Today Coroner Katharine Greig released her findings and a raft of recommendations following an inquest into the death of North Shore teenager Christie Marceau. She made 10 significant recommendations to police, the Ministry of Justice, Department of Corrections and Waitemata District Health Board in a bid to prevent similar deaths from occurring in the future. Christie's parents Tracey and Brian spoke to senior journalist Anna Leask
November 7, 2011.
Tracey Marceau cradles her daughter Christie in her arms on the deck of their family home.
The 18-year-old - her youngest child, her cherished "baby girl" - is not moving.
She's barely breathing and she's bleeding out.
Tracey Marceau screams, desperately.
"Hold on, hold on… help is coming."
She watches helplessly as the life drains out of Christie, as she takes her last breath, as the teenager slips away.
Her killer stands just metres away, he's dropped the weapon - a kitchen knife that he only stopped wounding Christie with when it bent so badly it was unusable - and he's pulled on his headphones.
As Tracey's screams merge with the sound of sirens, as police thunder on to the deck, Akshay Chand stands silently, listening to Radiohead.
He never should have been at the Marceau house.
Arguably, he never should have in the community that day.
So why was he? And how was this unhinged youth with a history of offending against Christie able to force his way into her life that day - and then take it.
Coroner Katharine Greig's inquest findings answered some of the questions Christie's still-bereft parents have been seeking for almost seven years since her death.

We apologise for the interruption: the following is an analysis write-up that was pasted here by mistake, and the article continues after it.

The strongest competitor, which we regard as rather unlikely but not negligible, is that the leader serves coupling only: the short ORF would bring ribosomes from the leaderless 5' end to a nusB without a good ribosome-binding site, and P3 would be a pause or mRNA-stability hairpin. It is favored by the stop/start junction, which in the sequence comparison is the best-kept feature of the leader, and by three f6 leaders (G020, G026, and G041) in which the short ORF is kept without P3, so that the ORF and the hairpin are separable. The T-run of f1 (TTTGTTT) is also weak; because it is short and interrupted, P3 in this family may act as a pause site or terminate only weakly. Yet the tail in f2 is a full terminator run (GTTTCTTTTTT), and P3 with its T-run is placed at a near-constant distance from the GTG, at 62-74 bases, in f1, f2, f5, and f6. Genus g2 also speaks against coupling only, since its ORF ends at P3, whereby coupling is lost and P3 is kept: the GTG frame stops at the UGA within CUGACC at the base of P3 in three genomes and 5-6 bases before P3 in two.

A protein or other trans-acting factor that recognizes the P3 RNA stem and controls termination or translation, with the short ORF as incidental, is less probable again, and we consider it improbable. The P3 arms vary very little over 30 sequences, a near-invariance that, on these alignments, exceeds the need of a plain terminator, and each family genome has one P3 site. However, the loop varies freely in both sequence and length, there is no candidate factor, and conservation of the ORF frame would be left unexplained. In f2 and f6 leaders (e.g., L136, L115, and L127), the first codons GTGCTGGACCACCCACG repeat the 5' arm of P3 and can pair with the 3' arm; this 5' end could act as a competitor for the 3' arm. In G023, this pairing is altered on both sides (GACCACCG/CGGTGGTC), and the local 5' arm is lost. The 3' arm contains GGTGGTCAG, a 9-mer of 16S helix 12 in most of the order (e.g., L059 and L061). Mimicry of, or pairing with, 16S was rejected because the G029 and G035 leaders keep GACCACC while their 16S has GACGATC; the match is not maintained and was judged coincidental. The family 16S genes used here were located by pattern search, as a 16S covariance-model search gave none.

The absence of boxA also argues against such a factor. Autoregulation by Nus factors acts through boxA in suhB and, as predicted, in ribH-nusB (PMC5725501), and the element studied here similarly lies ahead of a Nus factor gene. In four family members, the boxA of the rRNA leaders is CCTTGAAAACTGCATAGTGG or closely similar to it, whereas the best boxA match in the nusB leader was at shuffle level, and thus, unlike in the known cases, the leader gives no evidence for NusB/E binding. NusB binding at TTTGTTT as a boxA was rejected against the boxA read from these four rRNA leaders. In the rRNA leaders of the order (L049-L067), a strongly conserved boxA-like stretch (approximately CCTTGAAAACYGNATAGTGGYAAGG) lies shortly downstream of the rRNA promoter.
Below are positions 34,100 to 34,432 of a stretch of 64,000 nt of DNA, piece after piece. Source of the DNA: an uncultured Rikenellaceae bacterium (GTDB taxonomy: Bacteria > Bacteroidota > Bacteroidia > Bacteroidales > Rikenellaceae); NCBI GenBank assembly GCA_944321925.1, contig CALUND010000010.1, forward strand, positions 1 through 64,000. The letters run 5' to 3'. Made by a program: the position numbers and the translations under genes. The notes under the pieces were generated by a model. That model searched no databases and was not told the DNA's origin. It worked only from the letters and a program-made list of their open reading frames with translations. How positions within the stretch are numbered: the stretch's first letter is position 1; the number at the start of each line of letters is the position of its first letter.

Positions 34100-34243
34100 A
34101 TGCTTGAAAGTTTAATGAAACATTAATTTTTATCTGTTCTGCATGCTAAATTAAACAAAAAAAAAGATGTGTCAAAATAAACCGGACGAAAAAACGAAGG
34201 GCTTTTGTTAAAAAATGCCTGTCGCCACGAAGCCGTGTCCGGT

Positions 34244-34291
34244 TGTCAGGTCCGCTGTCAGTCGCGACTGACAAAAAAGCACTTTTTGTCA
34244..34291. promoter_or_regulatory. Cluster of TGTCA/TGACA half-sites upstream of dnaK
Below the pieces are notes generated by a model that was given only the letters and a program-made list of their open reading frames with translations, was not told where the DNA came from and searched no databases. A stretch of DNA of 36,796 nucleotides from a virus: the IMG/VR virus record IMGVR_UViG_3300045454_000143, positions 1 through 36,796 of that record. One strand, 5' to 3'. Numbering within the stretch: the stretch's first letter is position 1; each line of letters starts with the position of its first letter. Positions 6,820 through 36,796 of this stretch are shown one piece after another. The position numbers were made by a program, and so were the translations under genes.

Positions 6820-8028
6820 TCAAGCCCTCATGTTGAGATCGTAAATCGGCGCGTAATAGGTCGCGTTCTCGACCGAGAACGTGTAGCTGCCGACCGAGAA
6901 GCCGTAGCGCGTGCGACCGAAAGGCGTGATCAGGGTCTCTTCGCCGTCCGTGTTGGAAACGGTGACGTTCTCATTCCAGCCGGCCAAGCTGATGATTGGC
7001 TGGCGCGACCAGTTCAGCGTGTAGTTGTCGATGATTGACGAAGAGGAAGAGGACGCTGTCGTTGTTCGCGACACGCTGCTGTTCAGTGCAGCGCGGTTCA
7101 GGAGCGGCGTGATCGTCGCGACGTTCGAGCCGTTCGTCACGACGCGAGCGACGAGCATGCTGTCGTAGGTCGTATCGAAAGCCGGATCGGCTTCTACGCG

And it made one thing very clear to them - their daughter was failed.
Christie was failed by numerous sections of the criminal justice system.
She was failed by severe inadequacies in process, inter-agency collaboration and at times an almost-complete lack of information sharing.
Chand may have physically stabbed Christie to death that day in 2011 but following the inquest, one thing has become painfully clear to her family.
"There was more than one hand on the knife that day," said Tracey Marceau.
When Chand killed Christie he was on bail.
Two months earlier he had been arrested and charged with kidnapping, threatening and assaulting Christie.
When released on bail Chand was ordered not to associate with, attempt to contact, or go anywhere near Christie or her home.
Judge David McNaughton also imposed a 24-hour curfew in place and ordered Chand not to leave his mother's house unless he was going to medical or legal appointments.
But just 32 days later Chand - who later admitted he had been planning the attack for some time - walked to the Marceau house armed with a hammer and kitchen knife and took Christie's life.
In October 2012 Chand was found not guilty of murdering Christie by reason of insanity.
The crux of the inquest was:
• What was the administrative process at the North Shore District Court in the lead up to Chand being bailed?
• What were the police bail-checking processes and protocols and were they were adequate?
• What was Chand's mental state before Christie's death?
• And, what information Judge McNaughton had available to him when he made the bail decision?
Coroner Greig's 127-page final report is complex and delves into every imaginable aspect of how Christie came to meet her violent fate.
Simply put - she found that there was balls dropped on multiple occasions which led to a catastrophic ending.
Among her recommendations were sweeping reviews of District Court processes around bail applications, file management and the accuracy and accessibility of court files.
She called for justice sector agencies to work together more effectively - to identify where and how relevant information could be shared between them to effectively build a complete picture of an offender before the courts at any given time.